Harry South

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Harry South
Birth nameHarry Percy South
Born(1929-09-07)7 September 1929
Fulham, London, England
Died12 March 1990(1990-03-12) (aged 60)
Lambeth, London
Genres Jazz
Occupation(s)Musician, composer, arranger
Years active1950–1990

Harry Percy South (7 September 1929 12 March 1990) was an English jazz pianist, composer, and arranger, who moved into work for film and television.



South was born in Fulham, London. He came to prominence in the 1950s, playing with Joe Harriott, Dizzy Reece, Tony Crombie, and Tubby Hayes. In 1954, he was in the Tony Crombie Orchestra with Dizzy Reece, Les Condon (trumpet), Joe Temperley, Sammy Walker (tenor sax), Lennie Dawes (baritone sax), and Ashley Kozak (bass).

After returning from a 9-month tour of Calcutta, India, with the Ashley Kozak Quartet, he spent four years with the Dick Morrissey Quartet, [1] where he both wrote and arranged material for their subsequent four albums.

He formed the Harry South Big Band in 1966 with Dick Morrissey, Phil Seamen, Keith Christie, Ronnie Scott and Ian Carr, and recorded an album, Presenting the Harry South Big Band, for Mercury Records in 1966. [2] [3]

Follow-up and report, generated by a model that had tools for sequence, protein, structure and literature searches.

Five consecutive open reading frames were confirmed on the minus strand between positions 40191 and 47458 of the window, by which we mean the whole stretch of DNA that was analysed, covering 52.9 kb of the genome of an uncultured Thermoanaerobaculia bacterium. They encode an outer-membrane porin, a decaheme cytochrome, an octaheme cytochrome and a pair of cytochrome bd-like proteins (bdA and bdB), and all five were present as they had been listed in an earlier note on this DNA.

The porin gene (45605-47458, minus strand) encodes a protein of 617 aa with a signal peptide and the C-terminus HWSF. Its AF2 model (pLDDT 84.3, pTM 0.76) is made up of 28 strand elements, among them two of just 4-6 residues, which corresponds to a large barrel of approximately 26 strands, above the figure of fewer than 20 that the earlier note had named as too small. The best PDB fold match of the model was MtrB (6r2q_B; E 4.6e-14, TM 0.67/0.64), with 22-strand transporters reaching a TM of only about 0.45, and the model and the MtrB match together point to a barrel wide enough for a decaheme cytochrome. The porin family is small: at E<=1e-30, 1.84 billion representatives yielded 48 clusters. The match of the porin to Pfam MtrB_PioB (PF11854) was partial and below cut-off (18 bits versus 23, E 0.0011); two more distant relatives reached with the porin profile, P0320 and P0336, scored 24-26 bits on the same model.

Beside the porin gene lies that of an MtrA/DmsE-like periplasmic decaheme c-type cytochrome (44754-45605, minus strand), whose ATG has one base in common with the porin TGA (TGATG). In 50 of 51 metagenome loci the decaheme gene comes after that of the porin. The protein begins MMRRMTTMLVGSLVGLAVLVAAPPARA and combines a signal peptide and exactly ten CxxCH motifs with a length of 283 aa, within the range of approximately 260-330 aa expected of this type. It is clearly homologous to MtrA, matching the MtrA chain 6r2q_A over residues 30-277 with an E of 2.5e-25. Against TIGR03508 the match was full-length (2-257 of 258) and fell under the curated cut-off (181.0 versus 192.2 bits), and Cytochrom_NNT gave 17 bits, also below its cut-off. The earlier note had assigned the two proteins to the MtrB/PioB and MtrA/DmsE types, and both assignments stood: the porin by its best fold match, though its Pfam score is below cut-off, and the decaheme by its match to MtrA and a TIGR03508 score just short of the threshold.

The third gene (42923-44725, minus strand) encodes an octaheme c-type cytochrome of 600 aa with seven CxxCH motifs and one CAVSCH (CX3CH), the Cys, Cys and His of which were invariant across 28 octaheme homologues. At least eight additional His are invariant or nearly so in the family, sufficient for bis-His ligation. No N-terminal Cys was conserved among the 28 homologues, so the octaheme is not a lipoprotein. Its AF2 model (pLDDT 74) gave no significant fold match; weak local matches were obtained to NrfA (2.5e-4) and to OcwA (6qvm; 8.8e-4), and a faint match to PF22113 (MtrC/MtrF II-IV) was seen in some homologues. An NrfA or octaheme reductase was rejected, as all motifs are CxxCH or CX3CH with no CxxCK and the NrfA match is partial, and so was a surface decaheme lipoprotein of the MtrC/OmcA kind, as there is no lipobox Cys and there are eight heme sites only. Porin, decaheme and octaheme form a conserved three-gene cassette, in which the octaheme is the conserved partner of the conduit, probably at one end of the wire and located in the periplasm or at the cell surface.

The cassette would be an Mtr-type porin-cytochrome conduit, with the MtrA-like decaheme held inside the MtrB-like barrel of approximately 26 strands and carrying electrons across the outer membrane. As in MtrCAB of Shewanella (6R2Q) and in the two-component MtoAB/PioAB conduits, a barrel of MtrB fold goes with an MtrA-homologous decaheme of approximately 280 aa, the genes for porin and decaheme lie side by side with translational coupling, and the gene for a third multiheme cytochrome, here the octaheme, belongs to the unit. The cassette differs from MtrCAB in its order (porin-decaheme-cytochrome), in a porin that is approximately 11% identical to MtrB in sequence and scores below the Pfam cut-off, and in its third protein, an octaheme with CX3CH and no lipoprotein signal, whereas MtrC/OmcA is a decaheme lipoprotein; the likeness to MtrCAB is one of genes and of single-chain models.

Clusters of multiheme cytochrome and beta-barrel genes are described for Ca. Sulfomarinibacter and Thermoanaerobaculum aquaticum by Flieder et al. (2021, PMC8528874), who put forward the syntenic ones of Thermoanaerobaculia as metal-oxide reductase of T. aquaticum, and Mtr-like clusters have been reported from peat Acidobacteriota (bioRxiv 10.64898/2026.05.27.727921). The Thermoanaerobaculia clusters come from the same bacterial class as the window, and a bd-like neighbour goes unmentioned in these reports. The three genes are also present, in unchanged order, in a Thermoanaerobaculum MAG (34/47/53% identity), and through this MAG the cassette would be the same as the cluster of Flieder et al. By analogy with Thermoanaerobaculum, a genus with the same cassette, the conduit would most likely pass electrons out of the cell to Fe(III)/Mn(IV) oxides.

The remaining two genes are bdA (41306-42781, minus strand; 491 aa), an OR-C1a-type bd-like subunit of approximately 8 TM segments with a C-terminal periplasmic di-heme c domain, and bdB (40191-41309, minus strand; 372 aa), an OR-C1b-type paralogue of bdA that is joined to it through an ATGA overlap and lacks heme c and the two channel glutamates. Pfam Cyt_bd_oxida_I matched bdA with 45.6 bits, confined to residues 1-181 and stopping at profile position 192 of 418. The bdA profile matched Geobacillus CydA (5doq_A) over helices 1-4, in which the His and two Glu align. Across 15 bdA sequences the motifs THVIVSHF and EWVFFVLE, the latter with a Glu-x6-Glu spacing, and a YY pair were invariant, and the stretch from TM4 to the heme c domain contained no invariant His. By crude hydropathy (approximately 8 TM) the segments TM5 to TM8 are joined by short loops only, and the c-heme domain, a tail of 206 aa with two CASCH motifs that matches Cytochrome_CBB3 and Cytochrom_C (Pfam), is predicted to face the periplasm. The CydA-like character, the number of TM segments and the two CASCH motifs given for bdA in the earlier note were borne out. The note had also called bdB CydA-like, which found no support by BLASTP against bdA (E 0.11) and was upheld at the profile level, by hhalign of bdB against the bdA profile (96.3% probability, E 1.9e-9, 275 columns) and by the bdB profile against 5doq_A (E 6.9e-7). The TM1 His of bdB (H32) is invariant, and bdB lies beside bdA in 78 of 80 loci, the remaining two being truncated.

In the mid-1960s, he began working with British rhythm & blues singer and organist Georgie Fame, [1] recording the album Sound Venture . At that time he was also composing and arranging for Humphrey Lyttelton, Buddy Rich, Sarah Vaughan, and Jimmy Witherspoon. He worked as musical director for Annie Ross. [4]

He branched out into session work, writing themes for television and music libraries, including the themes for The Sweeney , The Chinese Detective , the BBC comedy series Give Us a Break starring Robert Lindsay and Paul McGann, and the 1984 TV miniseries Charlie starring David Warner. He wrote the scores for the Pete Walker films The Big Switch (1968), School for Sex (1969), and Four Dimensions of Greta (1972).

He is credited with the arrangements used for Emerson, Lake & Palmer's Works Vol. 1 (1977). In 1981, he again arranged for Annie Ross and Georgie Fame in a collaboration on what was to be Hoagy Carmichael's last recording, In Hoagland.

He died on 12 March 1990 in Lambeth, London, at the age of 60. In 2001, the National Youth Jazz Orchestra released an album in his honour entitled Portraits: The Music of Harry South. In 2017 Rhythm and Blues Records released a four CD set titled Harry South: The Songbook, with over sixty of his compositions played by various groups, some of which he played in. Included are early tracks with Tubby Hayes and nearly 40 sides by The Harry South Big Band, dating from 1960 to 1975. [5] A further 4 CD set (taken from tapes of BBC broadcasts in the 1960s) followed two years later. [6]


With Dick Morrissey

With others

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